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A Novel Star PEG-derived Surface Coating For Specific Cell Adhesion.

J. Groll, J. Fiedler, Erika Engelhard, T. Ameringer, Stefano Tugulu, H. Klok, R. Brenner, M. Moeller
Published 2005 · Materials Science, Medicine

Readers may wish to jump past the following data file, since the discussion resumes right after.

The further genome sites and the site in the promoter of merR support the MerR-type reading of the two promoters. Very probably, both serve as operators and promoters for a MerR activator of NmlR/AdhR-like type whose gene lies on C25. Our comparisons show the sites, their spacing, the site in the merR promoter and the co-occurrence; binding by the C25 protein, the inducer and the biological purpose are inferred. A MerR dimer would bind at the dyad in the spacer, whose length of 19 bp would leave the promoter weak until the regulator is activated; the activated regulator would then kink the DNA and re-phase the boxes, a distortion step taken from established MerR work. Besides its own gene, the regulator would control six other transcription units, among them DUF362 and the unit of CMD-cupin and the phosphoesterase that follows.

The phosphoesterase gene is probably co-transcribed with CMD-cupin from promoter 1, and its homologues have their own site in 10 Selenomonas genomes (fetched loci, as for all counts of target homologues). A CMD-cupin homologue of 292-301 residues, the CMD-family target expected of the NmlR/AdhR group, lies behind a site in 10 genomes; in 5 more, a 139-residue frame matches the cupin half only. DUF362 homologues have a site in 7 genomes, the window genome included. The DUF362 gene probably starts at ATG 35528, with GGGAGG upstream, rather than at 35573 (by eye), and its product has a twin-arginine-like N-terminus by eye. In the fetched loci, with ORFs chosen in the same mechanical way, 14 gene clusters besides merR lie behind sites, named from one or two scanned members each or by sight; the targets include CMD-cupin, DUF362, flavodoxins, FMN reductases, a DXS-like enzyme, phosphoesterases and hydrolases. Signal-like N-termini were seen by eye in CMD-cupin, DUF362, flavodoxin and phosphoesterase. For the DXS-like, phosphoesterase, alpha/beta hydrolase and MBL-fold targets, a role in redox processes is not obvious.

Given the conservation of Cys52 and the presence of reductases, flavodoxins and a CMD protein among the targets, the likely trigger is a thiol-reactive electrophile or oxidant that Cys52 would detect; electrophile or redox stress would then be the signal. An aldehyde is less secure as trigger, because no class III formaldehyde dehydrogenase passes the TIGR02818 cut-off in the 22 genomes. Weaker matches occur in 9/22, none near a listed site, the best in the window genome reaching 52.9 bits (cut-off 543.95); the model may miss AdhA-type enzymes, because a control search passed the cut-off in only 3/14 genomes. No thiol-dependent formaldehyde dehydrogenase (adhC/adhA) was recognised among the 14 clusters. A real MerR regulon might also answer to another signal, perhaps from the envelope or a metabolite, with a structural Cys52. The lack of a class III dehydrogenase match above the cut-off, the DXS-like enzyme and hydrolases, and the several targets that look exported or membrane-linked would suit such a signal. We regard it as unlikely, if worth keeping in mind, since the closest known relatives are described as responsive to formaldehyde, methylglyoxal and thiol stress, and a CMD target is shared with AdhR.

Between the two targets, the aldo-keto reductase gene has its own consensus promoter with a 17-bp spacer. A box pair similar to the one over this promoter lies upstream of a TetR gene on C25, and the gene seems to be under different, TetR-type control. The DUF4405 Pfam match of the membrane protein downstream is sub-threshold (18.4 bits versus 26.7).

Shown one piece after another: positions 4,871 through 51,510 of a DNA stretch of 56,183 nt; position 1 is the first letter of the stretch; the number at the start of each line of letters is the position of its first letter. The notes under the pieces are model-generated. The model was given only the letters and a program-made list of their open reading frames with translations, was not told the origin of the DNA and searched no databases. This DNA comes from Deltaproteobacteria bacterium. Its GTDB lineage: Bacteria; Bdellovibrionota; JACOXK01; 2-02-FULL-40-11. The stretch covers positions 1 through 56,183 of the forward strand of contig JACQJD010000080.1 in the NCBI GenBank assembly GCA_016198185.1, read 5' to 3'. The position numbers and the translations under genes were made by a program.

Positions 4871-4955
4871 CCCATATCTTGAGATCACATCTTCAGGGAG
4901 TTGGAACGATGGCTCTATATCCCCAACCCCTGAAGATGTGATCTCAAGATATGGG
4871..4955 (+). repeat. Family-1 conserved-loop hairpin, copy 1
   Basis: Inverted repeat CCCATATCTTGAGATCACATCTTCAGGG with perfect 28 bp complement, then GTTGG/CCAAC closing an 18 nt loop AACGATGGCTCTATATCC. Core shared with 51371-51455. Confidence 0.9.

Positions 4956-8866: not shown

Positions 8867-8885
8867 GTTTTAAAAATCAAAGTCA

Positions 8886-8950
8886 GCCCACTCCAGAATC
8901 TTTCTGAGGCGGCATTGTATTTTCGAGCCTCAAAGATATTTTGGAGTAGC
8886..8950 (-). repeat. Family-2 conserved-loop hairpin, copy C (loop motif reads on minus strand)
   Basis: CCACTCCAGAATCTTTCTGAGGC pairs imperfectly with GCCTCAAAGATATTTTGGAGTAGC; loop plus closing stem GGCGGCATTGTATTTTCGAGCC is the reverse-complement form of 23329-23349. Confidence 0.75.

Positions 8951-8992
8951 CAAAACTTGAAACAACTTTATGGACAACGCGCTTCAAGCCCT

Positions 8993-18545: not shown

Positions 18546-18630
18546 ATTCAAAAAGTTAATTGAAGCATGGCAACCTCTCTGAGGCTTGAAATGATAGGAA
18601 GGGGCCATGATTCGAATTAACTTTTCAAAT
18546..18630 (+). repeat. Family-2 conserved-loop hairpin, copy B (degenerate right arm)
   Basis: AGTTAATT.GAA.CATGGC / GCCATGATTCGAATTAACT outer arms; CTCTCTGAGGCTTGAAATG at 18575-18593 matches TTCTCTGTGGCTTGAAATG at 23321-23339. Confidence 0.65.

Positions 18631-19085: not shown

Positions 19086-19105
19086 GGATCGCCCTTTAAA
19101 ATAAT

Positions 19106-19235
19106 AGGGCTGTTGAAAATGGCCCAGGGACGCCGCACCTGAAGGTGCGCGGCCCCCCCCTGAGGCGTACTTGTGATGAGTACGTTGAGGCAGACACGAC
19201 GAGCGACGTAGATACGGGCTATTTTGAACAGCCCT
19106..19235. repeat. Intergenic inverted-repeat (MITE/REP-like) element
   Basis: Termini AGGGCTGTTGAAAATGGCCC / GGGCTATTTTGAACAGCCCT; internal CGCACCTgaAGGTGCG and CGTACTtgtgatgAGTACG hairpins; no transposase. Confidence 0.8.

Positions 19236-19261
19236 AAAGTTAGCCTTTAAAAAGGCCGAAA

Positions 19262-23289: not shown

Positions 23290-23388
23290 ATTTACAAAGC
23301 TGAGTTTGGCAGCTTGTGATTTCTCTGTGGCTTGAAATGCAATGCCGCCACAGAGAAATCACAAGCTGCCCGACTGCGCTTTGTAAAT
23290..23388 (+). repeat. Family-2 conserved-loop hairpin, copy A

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In this study a novel approach for the coating and functionalization of substrates for cell culture and tissue engineering is presented. Glass, silicon, and titanium panes were coated with an ultrathin film (30 +/- 5 nm) of reactive star-shaped poly(ethylene glycol) prepolymers (Star PEG). Homogeneity of the films was checked by optical microscopy and scanning force microscopy. These coatings prevent unspecific protein adsorption as monitored by fluorescence microscopy and ellipsometry. In order to allow specific cell adhesion the films were modified with linear RGD peptides (gRGDsc) in different concentrations. After sterilization, fibroblast, SaOS, and human mesenchymal stem cells (hMSC) were seeded on these substrates. Cell adhesion, spreading, and survival was observed for up to 30 days on linear RGD peptide (gRGDsc)-modified coatings, whereas no cell adhesion could be detected on unmodified Star PEG layers. By variation of the RGD concentration within the film the amount of cells that became adhesive could be controlled. When differentiation conditions are used for cultivation of hMSCs the cells show the expression of osteogenic marker genes after 14 days which is comparable to cultivation on cell culture plastic. Thus, the Star PEG/RGD film did not negatively influence the differentiation process. The high flexibility of the system considering the incorporation of biologically active compounds opens a broad field of future experiments.
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